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ItemsControl.ItemTemplate Property

Gets or set the DataTemplate used to display each item. This is a dependency property.

Namespace: System.Windows.Controls
Assembly: PresentationFramework (in presentationframework.dll)
XML Namespace:  http://schemas.microsoft.com/winfx/2006/xaml/presentation

[BindableAttribute(true)] 
public DataTemplate ItemTemplate { get; set; }
/** @property */
public DataTemplate get_ItemTemplate ()

/** @property */
public void set_ItemTemplate (DataTemplate value)

public function get ItemTemplate () : DataTemplate

public function set ItemTemplate (value : DataTemplate)

<object>
  <object.ItemTemplate>
    <DataTemplate .../>
  </object.ItemTemplate>
</object>
<object ItemTemplate=" ResourceExtensionTemplateResourceKey"/>
 ResourceExtension  One of the following: StaticResource Markup Extension, or DynamicResource Markup Extension. Unless the styles themselves contain references to potential run-time references such as system resources or user preferences, StaticResource Markup Extension reference to a style is usually recommended for performance.  TemplateResourceKey   x:Key Attribute string value referring to the template being requested as a resource. 

Property Value

A DataTemplate that specifies the visualization of the data objects. The default value is a null reference (Nothing in Visual Basic).

Identifier field

ItemTemplateProperty

Metadata properties set to true

None

You use the ItemTemplate to specify the visualization of the data objects. If your ItemsControl is bound to a collection object and you do not provide specific display instructions using a DataTemplate, the resulting UI of each item is a string representation of each object in the underlying collection.

When you set an ItemTemplate on an ItemsControl, this is how the UI gets generated (the following uses the ListBox as an example):

  1. During content generation, the ItemsPanel initiates a request for the ItemContainerGenerator to create a container for each data item. For ListBox, the container is a ListBoxItem. The generator calls back into the ItemsControl to prepare the container.

  2. Part of the preparation involves the copying of the ItemTemplate of the ListBox to be the ContentTemplate of the ListBoxItem.

  3. Similar to all ContentControl types, the ControlTemplate of a ListBoxItem contains a ContentPresenter. When the template is applied, it creates a ContentPresenter whose ControlTemplate is bound to the ControlTemplate of the ListBoxItem.

  4. Finally, the ContentPresenter applies that ControlTemplate to itself, and that creates the UI.

If you have more than one DataTemplate defined and you want to supply logic to programmatically choose and apply a DataTemplate, you use the ItemTemplateSelector property.

The ItemsControl provides great flexibility for visual customization, and therefore, provides many styling and templating properties. You use the ItemContainerStyle property or the ItemContainerStyleSelector property to set a style to affect the appearance of the elements that contain the data items. For example, for ListBox, the generated containers are ListBoxItem controls; for ComboBox, they are ComboBoxItem controls. To affect the layout of the items, you use the ItemsPanel property. If you are using grouping on your control, you can use GroupStyle or GroupStyleSelector.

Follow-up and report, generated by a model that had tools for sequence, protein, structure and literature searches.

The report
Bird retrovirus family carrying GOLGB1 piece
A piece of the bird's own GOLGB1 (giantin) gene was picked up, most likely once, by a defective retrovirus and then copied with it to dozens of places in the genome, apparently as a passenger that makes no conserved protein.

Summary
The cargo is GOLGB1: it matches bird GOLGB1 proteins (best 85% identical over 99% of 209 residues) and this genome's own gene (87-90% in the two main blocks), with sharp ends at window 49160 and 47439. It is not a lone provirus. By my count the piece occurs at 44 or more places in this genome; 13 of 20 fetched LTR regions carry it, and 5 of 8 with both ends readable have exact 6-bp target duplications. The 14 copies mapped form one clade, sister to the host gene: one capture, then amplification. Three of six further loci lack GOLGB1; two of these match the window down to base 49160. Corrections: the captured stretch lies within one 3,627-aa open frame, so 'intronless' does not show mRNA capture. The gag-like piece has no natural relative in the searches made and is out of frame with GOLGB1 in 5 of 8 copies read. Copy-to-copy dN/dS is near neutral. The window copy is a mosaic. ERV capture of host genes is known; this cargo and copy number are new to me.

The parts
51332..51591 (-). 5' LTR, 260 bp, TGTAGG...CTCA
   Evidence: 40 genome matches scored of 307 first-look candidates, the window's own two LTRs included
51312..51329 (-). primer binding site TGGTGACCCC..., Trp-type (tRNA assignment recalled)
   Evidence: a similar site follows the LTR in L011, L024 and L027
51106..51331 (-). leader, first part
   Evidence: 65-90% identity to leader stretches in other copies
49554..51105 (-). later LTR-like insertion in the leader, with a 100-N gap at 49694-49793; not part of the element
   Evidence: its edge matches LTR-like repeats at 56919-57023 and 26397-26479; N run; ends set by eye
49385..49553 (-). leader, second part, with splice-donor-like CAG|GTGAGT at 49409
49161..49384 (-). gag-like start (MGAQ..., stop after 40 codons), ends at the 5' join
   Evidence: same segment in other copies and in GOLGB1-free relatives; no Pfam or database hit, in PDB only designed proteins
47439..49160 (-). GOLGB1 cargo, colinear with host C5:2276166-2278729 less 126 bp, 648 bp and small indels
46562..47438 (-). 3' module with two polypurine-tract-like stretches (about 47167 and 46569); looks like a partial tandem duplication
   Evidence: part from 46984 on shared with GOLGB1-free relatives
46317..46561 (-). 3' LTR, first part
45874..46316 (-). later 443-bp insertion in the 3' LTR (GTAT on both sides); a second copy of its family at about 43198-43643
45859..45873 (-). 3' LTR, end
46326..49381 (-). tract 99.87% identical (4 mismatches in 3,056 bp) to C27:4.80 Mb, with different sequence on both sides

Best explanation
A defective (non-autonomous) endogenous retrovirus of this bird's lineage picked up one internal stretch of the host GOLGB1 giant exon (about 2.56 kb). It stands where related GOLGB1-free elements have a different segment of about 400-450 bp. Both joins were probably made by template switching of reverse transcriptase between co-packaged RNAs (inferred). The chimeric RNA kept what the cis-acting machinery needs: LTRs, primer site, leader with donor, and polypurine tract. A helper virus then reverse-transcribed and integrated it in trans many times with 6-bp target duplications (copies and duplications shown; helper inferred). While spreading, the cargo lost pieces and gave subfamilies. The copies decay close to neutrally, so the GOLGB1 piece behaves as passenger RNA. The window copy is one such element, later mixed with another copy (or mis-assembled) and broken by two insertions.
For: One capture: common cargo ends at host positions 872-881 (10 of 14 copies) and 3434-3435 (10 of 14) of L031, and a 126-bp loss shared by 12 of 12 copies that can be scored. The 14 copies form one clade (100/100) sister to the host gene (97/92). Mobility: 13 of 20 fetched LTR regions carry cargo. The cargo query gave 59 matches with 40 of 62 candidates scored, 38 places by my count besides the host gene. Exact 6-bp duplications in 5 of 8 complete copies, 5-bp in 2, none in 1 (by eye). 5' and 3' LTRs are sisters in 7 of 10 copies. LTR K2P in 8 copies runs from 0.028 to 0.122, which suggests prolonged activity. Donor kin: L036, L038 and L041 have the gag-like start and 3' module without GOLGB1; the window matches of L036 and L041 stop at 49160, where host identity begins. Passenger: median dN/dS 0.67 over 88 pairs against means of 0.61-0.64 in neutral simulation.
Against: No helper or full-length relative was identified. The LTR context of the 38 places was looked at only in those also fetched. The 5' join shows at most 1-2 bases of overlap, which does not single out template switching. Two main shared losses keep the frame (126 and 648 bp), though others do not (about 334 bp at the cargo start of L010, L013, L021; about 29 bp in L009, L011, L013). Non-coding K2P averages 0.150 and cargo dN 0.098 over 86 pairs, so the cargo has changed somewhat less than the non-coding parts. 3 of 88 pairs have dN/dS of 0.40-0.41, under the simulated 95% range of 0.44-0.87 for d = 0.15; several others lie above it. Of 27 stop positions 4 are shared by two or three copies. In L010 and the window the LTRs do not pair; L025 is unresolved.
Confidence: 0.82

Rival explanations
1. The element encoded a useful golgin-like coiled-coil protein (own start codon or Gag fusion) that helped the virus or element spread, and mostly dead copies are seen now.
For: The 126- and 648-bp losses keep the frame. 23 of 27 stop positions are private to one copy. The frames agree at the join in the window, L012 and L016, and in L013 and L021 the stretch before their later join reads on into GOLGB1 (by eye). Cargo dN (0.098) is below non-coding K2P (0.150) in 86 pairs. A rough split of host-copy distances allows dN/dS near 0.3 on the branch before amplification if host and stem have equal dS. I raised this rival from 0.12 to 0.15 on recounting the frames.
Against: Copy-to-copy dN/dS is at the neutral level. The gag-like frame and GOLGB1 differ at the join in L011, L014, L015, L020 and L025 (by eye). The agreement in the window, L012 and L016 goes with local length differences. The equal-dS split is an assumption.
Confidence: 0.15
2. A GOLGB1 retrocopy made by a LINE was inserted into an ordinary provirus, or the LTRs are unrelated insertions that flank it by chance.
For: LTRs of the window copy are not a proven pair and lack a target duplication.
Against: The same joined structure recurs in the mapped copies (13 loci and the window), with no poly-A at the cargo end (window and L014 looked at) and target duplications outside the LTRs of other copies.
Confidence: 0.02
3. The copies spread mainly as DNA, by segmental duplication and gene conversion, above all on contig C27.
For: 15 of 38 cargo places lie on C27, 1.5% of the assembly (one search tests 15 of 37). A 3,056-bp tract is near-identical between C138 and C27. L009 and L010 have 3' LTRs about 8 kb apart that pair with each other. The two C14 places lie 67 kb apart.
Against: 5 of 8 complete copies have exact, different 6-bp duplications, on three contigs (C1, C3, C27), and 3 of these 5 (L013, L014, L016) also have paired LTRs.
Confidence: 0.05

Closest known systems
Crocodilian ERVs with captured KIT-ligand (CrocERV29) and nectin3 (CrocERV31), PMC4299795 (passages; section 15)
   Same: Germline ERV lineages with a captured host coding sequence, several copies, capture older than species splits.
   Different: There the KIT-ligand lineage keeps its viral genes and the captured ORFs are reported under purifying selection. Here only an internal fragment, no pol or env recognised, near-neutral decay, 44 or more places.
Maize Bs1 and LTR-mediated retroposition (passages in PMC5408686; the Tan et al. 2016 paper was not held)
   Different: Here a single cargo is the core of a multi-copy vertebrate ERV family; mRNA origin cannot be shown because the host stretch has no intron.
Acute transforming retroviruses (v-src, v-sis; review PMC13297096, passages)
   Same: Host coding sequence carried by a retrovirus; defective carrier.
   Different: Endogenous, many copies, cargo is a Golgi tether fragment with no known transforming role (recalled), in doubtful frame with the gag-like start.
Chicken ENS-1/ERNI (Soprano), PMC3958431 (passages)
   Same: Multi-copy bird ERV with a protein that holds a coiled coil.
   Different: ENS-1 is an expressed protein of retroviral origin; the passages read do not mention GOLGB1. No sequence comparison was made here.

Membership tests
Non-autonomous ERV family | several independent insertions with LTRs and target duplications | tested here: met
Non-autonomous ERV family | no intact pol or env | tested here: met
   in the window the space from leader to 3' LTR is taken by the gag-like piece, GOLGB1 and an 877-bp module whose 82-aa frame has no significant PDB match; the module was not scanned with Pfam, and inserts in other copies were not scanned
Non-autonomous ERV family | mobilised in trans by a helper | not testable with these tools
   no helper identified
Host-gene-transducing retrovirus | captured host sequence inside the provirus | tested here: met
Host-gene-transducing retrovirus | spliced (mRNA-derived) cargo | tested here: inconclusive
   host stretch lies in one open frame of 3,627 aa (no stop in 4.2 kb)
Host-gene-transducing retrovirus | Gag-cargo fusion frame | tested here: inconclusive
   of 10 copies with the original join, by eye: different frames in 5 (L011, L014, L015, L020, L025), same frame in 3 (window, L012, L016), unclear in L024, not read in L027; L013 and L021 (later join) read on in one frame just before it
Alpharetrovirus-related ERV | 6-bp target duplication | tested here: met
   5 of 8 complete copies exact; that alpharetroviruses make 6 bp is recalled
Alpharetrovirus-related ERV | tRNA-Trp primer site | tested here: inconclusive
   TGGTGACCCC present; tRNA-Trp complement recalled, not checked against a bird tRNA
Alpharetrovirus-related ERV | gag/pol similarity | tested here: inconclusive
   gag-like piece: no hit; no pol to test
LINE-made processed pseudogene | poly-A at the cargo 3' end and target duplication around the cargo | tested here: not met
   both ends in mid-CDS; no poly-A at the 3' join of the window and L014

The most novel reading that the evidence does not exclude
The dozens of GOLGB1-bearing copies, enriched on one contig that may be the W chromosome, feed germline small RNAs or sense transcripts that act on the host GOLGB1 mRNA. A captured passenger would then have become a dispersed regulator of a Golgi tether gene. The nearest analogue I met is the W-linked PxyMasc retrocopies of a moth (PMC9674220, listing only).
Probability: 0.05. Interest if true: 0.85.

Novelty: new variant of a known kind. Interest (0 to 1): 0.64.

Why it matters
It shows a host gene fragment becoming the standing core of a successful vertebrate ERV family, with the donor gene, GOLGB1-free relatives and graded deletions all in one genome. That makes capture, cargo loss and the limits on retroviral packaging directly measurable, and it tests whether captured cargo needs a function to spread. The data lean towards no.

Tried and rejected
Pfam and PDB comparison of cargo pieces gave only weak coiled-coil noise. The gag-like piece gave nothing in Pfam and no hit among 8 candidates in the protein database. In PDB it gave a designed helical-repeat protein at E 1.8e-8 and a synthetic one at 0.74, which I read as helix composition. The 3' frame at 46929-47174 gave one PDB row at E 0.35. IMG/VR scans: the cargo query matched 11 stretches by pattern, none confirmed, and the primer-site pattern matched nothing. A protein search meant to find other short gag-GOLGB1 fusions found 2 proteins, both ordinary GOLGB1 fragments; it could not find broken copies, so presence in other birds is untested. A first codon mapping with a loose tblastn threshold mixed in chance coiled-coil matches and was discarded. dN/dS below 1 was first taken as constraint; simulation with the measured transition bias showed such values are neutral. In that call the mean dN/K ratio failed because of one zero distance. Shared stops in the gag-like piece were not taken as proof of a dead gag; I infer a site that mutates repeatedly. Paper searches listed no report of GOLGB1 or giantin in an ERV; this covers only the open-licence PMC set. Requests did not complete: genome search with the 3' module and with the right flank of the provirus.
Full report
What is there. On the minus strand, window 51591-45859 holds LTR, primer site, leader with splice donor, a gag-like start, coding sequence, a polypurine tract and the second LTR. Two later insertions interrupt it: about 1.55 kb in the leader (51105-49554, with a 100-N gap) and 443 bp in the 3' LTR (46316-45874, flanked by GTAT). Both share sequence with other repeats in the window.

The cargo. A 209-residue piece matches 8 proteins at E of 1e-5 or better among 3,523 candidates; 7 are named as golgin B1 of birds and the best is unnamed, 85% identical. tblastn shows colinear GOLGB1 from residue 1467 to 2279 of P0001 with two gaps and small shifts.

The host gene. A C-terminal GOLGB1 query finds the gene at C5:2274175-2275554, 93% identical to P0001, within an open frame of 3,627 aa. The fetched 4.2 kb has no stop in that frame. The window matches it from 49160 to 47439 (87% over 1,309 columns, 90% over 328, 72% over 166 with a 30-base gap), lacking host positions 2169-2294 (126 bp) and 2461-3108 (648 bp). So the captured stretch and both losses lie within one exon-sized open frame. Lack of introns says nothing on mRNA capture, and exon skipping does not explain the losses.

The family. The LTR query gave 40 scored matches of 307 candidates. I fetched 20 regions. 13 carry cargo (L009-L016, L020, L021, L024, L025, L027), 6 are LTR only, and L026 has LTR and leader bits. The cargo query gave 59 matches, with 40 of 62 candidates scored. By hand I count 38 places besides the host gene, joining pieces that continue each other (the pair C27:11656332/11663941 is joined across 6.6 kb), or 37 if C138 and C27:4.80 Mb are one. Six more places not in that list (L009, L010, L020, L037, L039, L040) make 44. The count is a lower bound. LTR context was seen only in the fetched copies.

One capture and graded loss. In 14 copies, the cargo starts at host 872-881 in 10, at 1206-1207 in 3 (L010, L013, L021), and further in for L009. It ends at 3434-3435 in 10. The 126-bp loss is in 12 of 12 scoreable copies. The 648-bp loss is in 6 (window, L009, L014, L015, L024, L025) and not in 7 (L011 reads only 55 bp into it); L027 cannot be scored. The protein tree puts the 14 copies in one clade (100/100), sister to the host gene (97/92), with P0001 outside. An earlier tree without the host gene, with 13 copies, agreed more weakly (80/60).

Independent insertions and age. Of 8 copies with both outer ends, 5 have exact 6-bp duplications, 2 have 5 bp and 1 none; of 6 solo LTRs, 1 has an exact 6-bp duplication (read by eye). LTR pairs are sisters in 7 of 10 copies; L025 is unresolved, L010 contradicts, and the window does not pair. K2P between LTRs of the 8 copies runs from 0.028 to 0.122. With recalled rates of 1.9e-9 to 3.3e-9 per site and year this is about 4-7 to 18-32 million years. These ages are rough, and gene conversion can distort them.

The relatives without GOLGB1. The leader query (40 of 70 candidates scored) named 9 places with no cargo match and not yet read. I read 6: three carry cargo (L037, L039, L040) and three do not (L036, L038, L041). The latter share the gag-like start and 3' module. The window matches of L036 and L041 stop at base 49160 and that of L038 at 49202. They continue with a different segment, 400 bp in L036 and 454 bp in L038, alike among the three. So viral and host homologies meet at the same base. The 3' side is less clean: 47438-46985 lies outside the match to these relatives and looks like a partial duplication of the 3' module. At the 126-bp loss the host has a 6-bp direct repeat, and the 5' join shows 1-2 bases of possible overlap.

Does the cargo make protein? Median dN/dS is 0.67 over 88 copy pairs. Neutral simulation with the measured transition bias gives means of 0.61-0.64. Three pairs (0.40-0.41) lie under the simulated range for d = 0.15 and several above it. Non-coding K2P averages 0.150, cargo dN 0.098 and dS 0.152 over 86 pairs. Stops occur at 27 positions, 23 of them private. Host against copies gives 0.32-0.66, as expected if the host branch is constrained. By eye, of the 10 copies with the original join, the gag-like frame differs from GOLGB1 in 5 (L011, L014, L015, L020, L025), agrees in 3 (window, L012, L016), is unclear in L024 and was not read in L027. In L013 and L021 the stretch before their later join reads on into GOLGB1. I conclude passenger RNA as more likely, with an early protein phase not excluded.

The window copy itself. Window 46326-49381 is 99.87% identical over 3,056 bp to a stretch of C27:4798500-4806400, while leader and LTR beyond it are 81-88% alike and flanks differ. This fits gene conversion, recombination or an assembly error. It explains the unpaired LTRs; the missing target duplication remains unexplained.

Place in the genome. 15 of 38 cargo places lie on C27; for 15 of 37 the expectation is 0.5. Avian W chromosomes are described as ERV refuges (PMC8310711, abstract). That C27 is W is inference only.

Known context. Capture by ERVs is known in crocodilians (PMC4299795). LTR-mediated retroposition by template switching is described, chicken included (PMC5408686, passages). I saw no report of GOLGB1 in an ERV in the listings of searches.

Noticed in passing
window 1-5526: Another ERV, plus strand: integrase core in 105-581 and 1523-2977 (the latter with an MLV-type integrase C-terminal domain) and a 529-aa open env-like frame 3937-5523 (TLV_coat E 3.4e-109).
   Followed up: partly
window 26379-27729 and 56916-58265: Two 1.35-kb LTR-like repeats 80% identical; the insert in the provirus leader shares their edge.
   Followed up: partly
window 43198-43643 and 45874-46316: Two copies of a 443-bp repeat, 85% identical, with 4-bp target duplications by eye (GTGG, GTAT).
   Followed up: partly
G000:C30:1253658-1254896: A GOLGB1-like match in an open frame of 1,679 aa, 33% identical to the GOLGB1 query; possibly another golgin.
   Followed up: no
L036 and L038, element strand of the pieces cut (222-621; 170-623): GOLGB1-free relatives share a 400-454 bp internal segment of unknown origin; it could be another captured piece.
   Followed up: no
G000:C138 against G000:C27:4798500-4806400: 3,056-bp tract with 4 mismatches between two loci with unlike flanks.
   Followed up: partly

For more information, see Data Templating Overview.

The following example shows how to create a DataTemplate inline. The DataTemplate specifies that each data item appears as three TextBlock elements within a StackPanel. In this example, the data object is a class called Task. Note that each TextBlock element in this template is bound to a property of the Task class.

<ListBox Width="400" Margin="10"
         ItemsSource="{Binding Source={StaticResource myTodoList}}">
   <ListBox.ItemTemplate>
     <DataTemplate>
       <StackPanel>
         <TextBlock Text="{Binding Path=TaskName}" />
         <TextBlock Text="{Binding Path=Description}"/>
         <TextBlock Text="{Binding Path=Priority}"/>
       </StackPanel>
     </DataTemplate>
   </ListBox.ItemTemplate>
 </ListBox>

It is more common to define a DataTemplate in the resources section so it can be a reusable object, as in the following example:

  <Window.Resources>

	...

    <DataTemplate x:Key="myTaskTemplate">
      <StackPanel>
        <TextBlock Text="{Binding Path=TaskName}" />
        <TextBlock Text="{Binding Path=Description}"/>
        <TextBlock Text="{Binding Path=Priority}"/>
      </StackPanel>
    </DataTemplate>

	...

</Window.Resources>

Now you can use myTaskTemplate as a resource, as in the following example:

<ListBox Width="400" Margin="10"
         ItemsSource="{Binding Source={StaticResource myTodoList}}"
         ItemTemplate="{StaticResource myTaskTemplate}"/>

For the complete sample, see Introduction to Data Templating Sample.

Windows 98, Windows Server 2000 SP4, Windows CE, Windows Millennium Edition, Windows Mobile for Pocket PC, Windows Mobile for Smartphone, Windows Server 2003, Windows XP Media Center Edition, Windows XP Professional x64 Edition, Windows XP SP2, Windows XP Starter Edition

The Microsoft .NET Framework 3.0 is supported on Windows Vista, Microsoft Windows XP SP2, and Windows Server 2003 SP1.

.NET Framework

Supported in: 3.0
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